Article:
Yesterday’s closing of the deal, whereby Elon Musk became the owner of Twitter, was announced to its user base thus:
I wanted to reach out personally to share my motivation in acquiring Twitter. There has been much speculation about why I bought Twitter and what I think about advertising. Most of it has been wrong.
The reason I acquired Twitter is because it is important to the future of civilization to have a common digital town square, where a wide range of beliefs can be debated in a healthy manner, without resorting to violence. There is currently great danger that social media will splinter into far right wing and far left wing echo chambers that generate more hate and divide society.
In the relentless pursuit of clicks, much of traditional media has fueled and catered to those polarized extremes, as they believe that is what brings in the money, but, in doing so, the opportunity for dialogue is lost.
That is why I bought Twitter. I didn’t do it because it would be easy. I didn’t do it to make more money. I did it to try to help humanity, which I love. And I do so with humility, recognizing that failure in pursuing this goal, despite our best efforts, is a very real possibility.
That said, Twitter obviously cannot become a free-for-all hellscape, where anything can be said with no consequences! In addition to adhering to the laws of the land, our platform must be warm and welcoming to all, where you can choose your desired experience according to your preferences, just as you can choose, for example, to see movies or play video games from all ages to mature.
I also very much believe that advertising, when done right, can delight, entertain, and inform you; it can show you a service or product or medical treatment that you never knew existed, but is right for you. For this to be true, it is essential to show Twitter users advertising that is as relevant as possible to their needs. Low relevancy ads are spam, but highly relevant ads are actually content!
Fundamentally, Twitter aspires to be the most respected advertising platform in the world that strengthens your brand and grows your enterprise. To everyone who has partnered with us, I thank you. Let us build something extraordinary together.
— Elon Musk —
The intentions stated above are highly admirable…but let’s keep firmly in mind that they are intentions. Only the technological aspects of Twitter are entirely under Elon Musk’s control. The behavior of its users is a different subject altogether. We must wait to learn whether the two will find a happy medium that will elevate Twitter from the sewer it’s become to a genuinely worthwhile medium for exchange.
Critical to the outcome will be the intentions of Twitter’s users. If there is near-unanimous cleaving to a norm of courtesy and civility in discourse, then prospects are good. But how likely is that – and more to the point, how large a fraction of uncivil, discourteous behavior would be enough to bring the project to ruin?
In non-digital society, a degree of departure from law-abidingness that exceeds 2% of the population would be enough to render law enforcement and the maintenance of public order impossible. While I cannot yet prove this mathematically, the empirical evidence is sufficient for me to be confident about it. Consider the riots of 2020 and 2021 as demonstrations. Does the same percentage apply to a two-way digital realm such as Twitter?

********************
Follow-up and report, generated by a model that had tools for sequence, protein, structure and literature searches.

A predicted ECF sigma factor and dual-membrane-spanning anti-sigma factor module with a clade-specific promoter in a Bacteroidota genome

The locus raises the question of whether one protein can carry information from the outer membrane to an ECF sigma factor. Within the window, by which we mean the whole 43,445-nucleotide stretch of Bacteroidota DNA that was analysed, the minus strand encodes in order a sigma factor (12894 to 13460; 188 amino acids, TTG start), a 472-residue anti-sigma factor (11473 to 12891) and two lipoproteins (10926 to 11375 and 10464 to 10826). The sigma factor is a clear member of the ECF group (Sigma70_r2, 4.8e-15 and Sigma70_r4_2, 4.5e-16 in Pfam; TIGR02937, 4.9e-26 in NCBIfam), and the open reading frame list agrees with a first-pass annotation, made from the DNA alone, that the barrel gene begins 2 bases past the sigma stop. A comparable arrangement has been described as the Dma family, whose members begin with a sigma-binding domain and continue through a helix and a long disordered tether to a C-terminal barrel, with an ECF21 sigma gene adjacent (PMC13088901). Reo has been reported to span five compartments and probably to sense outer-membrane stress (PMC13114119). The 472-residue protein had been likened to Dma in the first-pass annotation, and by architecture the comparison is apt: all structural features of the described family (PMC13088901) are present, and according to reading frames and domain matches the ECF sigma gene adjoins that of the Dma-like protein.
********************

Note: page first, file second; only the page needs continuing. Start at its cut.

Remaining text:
The question is relevant because there will always be people determined to violate any given norm of conduct. Some will “see a profit in it;” others will simply take pleasure from destroying the norm. If the norm is a standard for civil discourse, there will be a gray zone that will render policing difficult and arbitrary, making the matter still more complex.
In particular, the intentions of politically oriented Twitter users must be addressed. Do the two sides we typically call Left and Right really want to converse – to argue about principles and policy using evidence and logic? If both are so inclined, then constructive conversation will occur, rather than the hurling of insults and the attempts to defame or damage one another that previously characterized such exchanges. But not everyone in those spheres wants constructive conversation. Some are actively opposed to it.
There are several possible reasons for which Smith might prefer to insult, defame, or damage Jones rather than have a civil conversation with him. There’s no need to analyze them here today. What matters is whether any method of curbing such behavior could prevail against the intentions of Smiths so inclined. A sufficient number of Smiths would render any policing technique fruitless.
In this regard, the behavior of political activists as observed and reported in the real world is not encouraging. I’m willing to be pleasantly surprised, though I’m not about to “bet the mortgage money.”
What will matter most to Twitter’s value as a money-making enterprise is whether there are still advertisers brave enough to risk a dip in Twitter’s previously foul waters. But if Elon Musk is sincerely more concerned with fostering civil discourse than turning an immediate profit, he could succeed where others would fail. It might require that he maintain Twitter at a break-even or lose-a-little concern for some time, until the new standards for user behavior prove durable enough to reassure potential advertisers. Of course it would also require patience and endurance…but Musk appears to have those in quantity.